In the circumstances of this case, the district court acted within its discretion in imposing lesser sanctions than the "drastic remedy" of dismissal. Waterbury, 845 F.2d at 1176. The record reflects that the court gave due consideration to Rockefeller's complaints of chicanery and, with the benefit of over a decade of experience with the case, took a more charitable view of some of Emamian's conduct than the version of events set forth by Rockefeller. See, e.g., Joint App'x 2976 ("[I]t [is] . . . conceivable for a reasonable person to read the Federal Rules 26(e) and 26(a)(2)(E) to require that there has to be some difference or some change for the rule to require some sort of penalty."). Bearing in mind the "considerable deference" owed to "the district court's familiarity with the proceedings" in this context, we decline to disturb the district [*10] court's determination that sanctions falling short of the most extreme possible remedy were appropriate. Friends of Animals, 131 F.3d at 334.
Finally, Rockefeller contends that there was insufficient evidence for a reasonable jury to find in Emamian's favor on her claim of intentional discrimination on the basis of race or national origin and that, accordingly, the district court erred in denying its motion to set aside the verdict. HN5 This Court reviews de novo a district court's ruling on a motion for judgment as a matter of law. Zellner v. Summerlin, 494 F.3d 344, 371 (2d Cir. 2007). A district court "may grant a motion for judgment as a matter of law only if it can conclude that, with credibility assessments made against the moving party and all inferences drawn against the moving party, a reasonable juror would have been compelled to accept the view of the moving party." Id. at 370-71 (internal quotation marks omitted). "In ruling on such a motion, the court must bear in mind that the jury is free to believe part and disbelieve part of any witness's testimony." Id. at 371. Judgment as a matter of law should be granted only when "(1) there is such a complete absence of evidence supporting the verdict that the jury's findings could only have been the result of sheer [*11] surmise and conjecture, or (2) there is such an overwhelming amount of evidence in favor of the movant that reasonable and fair minded [persons] could not arrive at a verdict against [it]." Cruz v. Local Union No. 3 of Int'l Bhd. of Elec. Workers, 34 F.3d 1148, 1154 (2d Cir. 1994) (quoting Bauer v. Raymark Indus., Inc., 849 F.2d 790, 792 (2d Cir. 1988)).
Rockefeller falls short of this demanding standard. Considering, as we must, the "totality of the circumstances" and the "overall context in which the challenged conduct occurs," the trial record contains sufficient evidence to support the jury's verdict. Mihalik v. Credit Agricole Cheuvreux N. Am., Inc., 715 F.3d 102, 111 (2d Cir. 2013) (internal quotation marks, alterations, and citation omitted). HN6 Under the capacious NYCHRL standard, which is generously construed to facilitate its "uniquely broad and remedial purposes," id. at 109, "the plaintiff need only show differential treatment—that she is treated 'less well'—because of a discriminatory intent," id. at 110. Here, Emamian introduced ample evidence of being "treated less well" in the lab of Dr. Greengard ("Greengard"), including being paid a lower salary, being subjected to harsher criticism and ridicule, and being denied office space and resources relative to non-Iranian employees. Moreover, there was sufficient evidence at trial to permit a reasonable jury to conclude that this differential treatment was caused at least in part [*12] by a discriminatory motive. The jury could have concluded that Greengard harbored such a motive based on testimony regarding a conversation between Greengard and Emamian during which, according to Emamian, Greengard aggressively questioned her about her headscarf in a hostile manner. Moreover, Greengard testified that he had been informed by his secretary, whom Greengard described as a "highly educated woman who grew up in Tehran, as did Dr. Emamian," that Emamian's headscarf indicated her submissiveness to men and that Greengard should not have hired her. Joint App'x 2161-62. In addition, the jury could have found probative the email sent to the entire lab by Dr. Marc Flajolet ("Flajolet"), another scientist in the lab, which contained language that, according to Emamian's testimony, constituted a racist slur directed specifically at her. Rockefeller's attempt to discount the Flajolet email as irrelevant because it was not sent by Greengard is unavailing, particularly in light of our obligation to consider the totality of the circumstances in determining whether Emamian was treated less well at least in part because of her race or national origin and given Greengard's subsequent testimony, [*13] upon reviewing the email in the course of litigation, that he found "nothing objectionable in it." Id. at 2163.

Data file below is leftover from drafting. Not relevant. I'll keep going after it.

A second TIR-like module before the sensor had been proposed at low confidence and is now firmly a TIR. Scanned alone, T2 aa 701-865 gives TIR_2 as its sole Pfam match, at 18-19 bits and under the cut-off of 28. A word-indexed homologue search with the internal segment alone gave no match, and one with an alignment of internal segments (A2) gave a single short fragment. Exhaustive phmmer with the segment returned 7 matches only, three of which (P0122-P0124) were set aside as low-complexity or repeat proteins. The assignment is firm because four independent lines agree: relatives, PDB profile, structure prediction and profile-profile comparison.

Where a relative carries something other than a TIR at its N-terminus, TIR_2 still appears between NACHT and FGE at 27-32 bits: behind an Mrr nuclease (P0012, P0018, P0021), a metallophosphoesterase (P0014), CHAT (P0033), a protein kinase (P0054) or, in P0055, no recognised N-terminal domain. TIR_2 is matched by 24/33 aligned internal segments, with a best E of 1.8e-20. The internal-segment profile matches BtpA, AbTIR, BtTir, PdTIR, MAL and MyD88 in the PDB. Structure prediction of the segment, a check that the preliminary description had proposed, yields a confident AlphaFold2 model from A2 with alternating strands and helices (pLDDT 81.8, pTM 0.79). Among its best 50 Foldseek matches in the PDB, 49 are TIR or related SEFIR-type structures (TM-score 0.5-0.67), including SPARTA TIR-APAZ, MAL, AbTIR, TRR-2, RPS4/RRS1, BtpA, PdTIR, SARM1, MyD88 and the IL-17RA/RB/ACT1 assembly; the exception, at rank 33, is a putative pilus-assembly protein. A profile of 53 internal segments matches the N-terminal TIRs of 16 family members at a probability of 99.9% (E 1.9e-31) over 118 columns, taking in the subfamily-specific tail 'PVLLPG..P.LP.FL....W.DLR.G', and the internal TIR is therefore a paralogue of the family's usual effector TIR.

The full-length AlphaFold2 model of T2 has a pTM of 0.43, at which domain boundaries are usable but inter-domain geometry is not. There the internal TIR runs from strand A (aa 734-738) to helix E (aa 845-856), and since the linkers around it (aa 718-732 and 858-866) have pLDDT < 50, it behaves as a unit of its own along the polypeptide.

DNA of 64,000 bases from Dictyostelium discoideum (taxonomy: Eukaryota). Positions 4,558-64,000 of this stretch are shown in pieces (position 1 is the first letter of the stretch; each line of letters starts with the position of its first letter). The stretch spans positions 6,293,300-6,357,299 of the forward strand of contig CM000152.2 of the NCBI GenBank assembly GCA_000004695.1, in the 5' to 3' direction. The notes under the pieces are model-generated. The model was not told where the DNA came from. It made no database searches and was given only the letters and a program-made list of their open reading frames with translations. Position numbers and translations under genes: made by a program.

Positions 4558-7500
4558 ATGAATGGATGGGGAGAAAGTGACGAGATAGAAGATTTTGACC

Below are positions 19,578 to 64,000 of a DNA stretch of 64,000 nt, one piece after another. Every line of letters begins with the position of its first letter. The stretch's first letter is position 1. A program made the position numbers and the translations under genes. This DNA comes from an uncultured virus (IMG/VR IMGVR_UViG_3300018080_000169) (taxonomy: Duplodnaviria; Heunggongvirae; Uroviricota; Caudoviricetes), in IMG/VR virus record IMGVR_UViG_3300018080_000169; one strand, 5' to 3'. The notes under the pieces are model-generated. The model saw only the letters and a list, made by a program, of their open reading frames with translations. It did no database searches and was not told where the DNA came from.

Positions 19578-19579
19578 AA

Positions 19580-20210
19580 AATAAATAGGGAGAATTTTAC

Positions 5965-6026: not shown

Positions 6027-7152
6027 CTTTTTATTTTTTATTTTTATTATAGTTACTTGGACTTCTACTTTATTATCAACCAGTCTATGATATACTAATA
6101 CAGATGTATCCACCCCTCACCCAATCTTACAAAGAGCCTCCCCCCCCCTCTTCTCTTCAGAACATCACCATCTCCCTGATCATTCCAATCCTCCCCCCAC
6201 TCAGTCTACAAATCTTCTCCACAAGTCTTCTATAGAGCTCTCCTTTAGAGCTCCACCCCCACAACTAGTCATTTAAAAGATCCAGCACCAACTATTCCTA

At bottom, drawing all possible inferences against the moving party and considering the broad standard of the NYCHRL, we conclude that judgment as a matter of law in favor of Rockefeller was properly denied.
We have considered the parties' remaining arguments and find them to be without merit. Accordingly, we AFFIRM the judgment of the district court.